Living With Wildlife
Stay out of bird nesting areas and dune environments along the beachKiawah’s dune system and open beach areas are valuable nesting habitat for a variety of bird species, including least terns, black simmers, Wilson’s plovers, American Oystercatchers, common ground doves, and many others. Please stay out of the dunes and avoid bird nesting areas that are marked with signage.
Walk around, not through, groups of shorebirds on the beachShorebirds are a very common sight along the Kiawah beachfront where they actively forage and rest. Many shorebird species migrate great distances and stop on Kiawah’s beach to feed and rest in preparation for migration. Disturbing these birds by walking through them can prevent them from being able to prepare for migration resulting in their deaths. Please help protect our shorebirds by taking the time to walk around groups of shorebirds and by keeping dogs from chasing them.
Do not approach, feed or harass alligatorsAlligators may seem slow and lethargic but they are capable of great speed over short distances. Never approach within 60 feet of an alligator. Do not intentionally feed alligators or allow them to consume crab or fishing bait. An alligator that has been fed quickly loses his fear of humans and can be very aggressive towards people. t is against state and local law to feed or entice alligators with food. If convicted, offending individuals can receive a $200 fine and up to 30 days in prison. It is also against the law to harass or harm an alligator in any way. This includes throwing rocks, sticks, or any object at an alligator. If convicted, fines can be up to $5,000 and 1 year in prison. Anyone witnessing unlawful actions against alligators should report them to the Kiawah Island Community Association (KICA) Security immediately (843-768-5566).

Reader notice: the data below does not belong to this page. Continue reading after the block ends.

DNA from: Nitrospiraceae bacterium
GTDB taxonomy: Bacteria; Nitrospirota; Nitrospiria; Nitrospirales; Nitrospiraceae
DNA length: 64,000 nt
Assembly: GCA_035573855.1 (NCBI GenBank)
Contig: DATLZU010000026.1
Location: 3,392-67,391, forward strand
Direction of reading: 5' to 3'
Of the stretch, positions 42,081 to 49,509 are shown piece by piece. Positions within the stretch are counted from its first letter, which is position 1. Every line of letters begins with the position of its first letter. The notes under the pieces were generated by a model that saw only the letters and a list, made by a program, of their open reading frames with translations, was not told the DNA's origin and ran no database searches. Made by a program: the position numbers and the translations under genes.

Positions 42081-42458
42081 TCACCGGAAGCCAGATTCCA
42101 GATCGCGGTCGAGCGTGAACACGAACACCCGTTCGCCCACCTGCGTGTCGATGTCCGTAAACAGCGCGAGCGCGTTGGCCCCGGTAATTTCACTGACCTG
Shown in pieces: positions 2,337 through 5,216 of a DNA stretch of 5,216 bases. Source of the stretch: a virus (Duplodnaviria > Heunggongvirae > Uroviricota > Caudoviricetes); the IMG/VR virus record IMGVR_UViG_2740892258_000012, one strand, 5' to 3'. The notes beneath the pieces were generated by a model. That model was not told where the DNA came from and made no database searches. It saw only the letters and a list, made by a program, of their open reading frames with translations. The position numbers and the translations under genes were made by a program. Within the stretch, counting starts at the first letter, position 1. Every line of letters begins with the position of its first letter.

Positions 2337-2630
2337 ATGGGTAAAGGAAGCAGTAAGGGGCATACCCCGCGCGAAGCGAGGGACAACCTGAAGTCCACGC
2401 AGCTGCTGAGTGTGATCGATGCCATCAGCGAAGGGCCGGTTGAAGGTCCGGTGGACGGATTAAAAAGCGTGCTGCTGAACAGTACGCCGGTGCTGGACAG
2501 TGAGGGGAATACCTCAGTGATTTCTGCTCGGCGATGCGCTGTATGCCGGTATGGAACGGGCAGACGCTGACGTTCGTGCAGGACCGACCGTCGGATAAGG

Drive cautiously on the island especially during dawn and dusk hoursOur island wildlife species are most active during dawn, dusk, and nighttime hours. Please use caution as you drive around the island. Collisions with vehicles are also the leading cause of death for our island bobcats. Help protect all our wildlife by being vigilant and slowing down when driving during these peak wildlife movement times.
Don’t litterKiawah island is a beautiful and clean place and we want to keep it that way! Litter not only makes the island look bad but it hurts our environment as well. Plastic products, fishing line, and crabbing supplies are responsible for injury and death to thousands of fish and birds each year. Keeping Kiawah clean only takes a small amount of effort from each individual. Please do you part in ensuring the persisting beauty and cleanliness of Kiawah island.
Recycle – Residents can recycle paper, glass, plastic, and steel cans by placing these items in their personal recycle bins for weekly pick up. Recycle bins are available at Town Hall (768-9166). Visitors can recycle these items with the addition of cardboard by taking them to the recycling centers located in the Municipal Center Parking Lot and on Sora Rail Road.